I think I first became aware of what being a ‘virgin’ or what ‘virginity’ was via novels by Wilbur Smith, Maeve Binchy, Barbara Taylor Bradford, Jilly Cooper etc. These were all stories for adults and/or teens that, when it came to sex, talked about anatomy, sexual intercourse and the impact on young women’s bodies, status and reputation. Where something was broken, where a body bled and when and where this happened was important. Who it happened with, for and why were all important elements of the story. I knew more about the social attitudes, expectations and consequences around virginity long before I encountered any theology around purity and virginity. Growing up I had a sense that in a consensual culture I hoped never to be in a forced or assaulted situation, but I definitely placed sex and virginity issues and experiences far into adulthood and as I became more aware of Christian culture understood that this would most likely be near to the time I would get married – I had a sense that it all happened in relation to a man and wasn’t expecting or seeking that out for a while.
The thing is that I’ve realised that sex is so much more complex and diverse, that virginity is moot and talking about purity and holiness in relation to specific and/or isolated body parts is unhelpful. I’ve been able to comb through all these expectations to discover some of the sexuality I was growing into all my life but ignored because it was all focussed on this virginity/with a man narrative and have identified some of the gaps in my knowledge because of what culture said about sex and most frustratingly what Christian culture then went on to say and teach me about sex and sexuality as I got older.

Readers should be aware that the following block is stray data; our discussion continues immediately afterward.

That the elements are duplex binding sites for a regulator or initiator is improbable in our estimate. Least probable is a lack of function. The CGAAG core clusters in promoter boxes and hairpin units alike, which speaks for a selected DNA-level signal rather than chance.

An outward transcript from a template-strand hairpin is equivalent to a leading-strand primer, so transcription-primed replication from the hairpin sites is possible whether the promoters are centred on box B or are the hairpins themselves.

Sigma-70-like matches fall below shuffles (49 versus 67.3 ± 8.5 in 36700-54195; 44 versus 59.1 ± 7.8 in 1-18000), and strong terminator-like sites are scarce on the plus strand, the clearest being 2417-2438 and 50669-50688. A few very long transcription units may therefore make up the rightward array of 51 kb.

I know in the whole of my beautiful being and as I’m held in the gaze of my creator that I am sexual.
I have always been sexual and this way of expressing and relating to myself, others and the world is far larger than any relationship and/or sexual encounter I have had with any one person. I’ve learnt that sexuality is about desire and our erotic engagement with the world – and I am deeply committed to taking these words back from the narrow definitions that both the world and the church have assigned to them.
Virginity was something I had a very clear sense of mechanically or physiologically. In actual fact the mechanics and the physiology of ‘breaking the hymen’ are moot when it comes to most first sexual experiences for women – and this culture and dare I say myth that has been created to surround women I believe is a horrible hangover from the days when women were property, possessions and their ‘virginity’ served a man’s pride (i.e no one else has had her). It makes for very uncomfortable reading and listening to still hear the language of sin and shame in Christian culture being spoken and written disproportionately about women in this respect.
Another physiological emphasis on virginity is the idea of male penetration and ejaculation, which focuses the sexual encounter entirely on and about that. A simple critique here of both the exclusion of the female sexual experience and the fear based education/teaching around this that feared unplanned/socially unacceptable pregnancy. Nobody ever talked about female desire and arousal in the Christian circles I was in, informally or formally. When I started to experience it I had no idea what was going on physcially or what to do with it. Not only did I feel ill prepared, but also like this experience was totally unequal and/or unimportant. I was given messages by leaders that my job was to not arouse men, that I had all the power there and I had a responsibility to help men who were uncontrollable.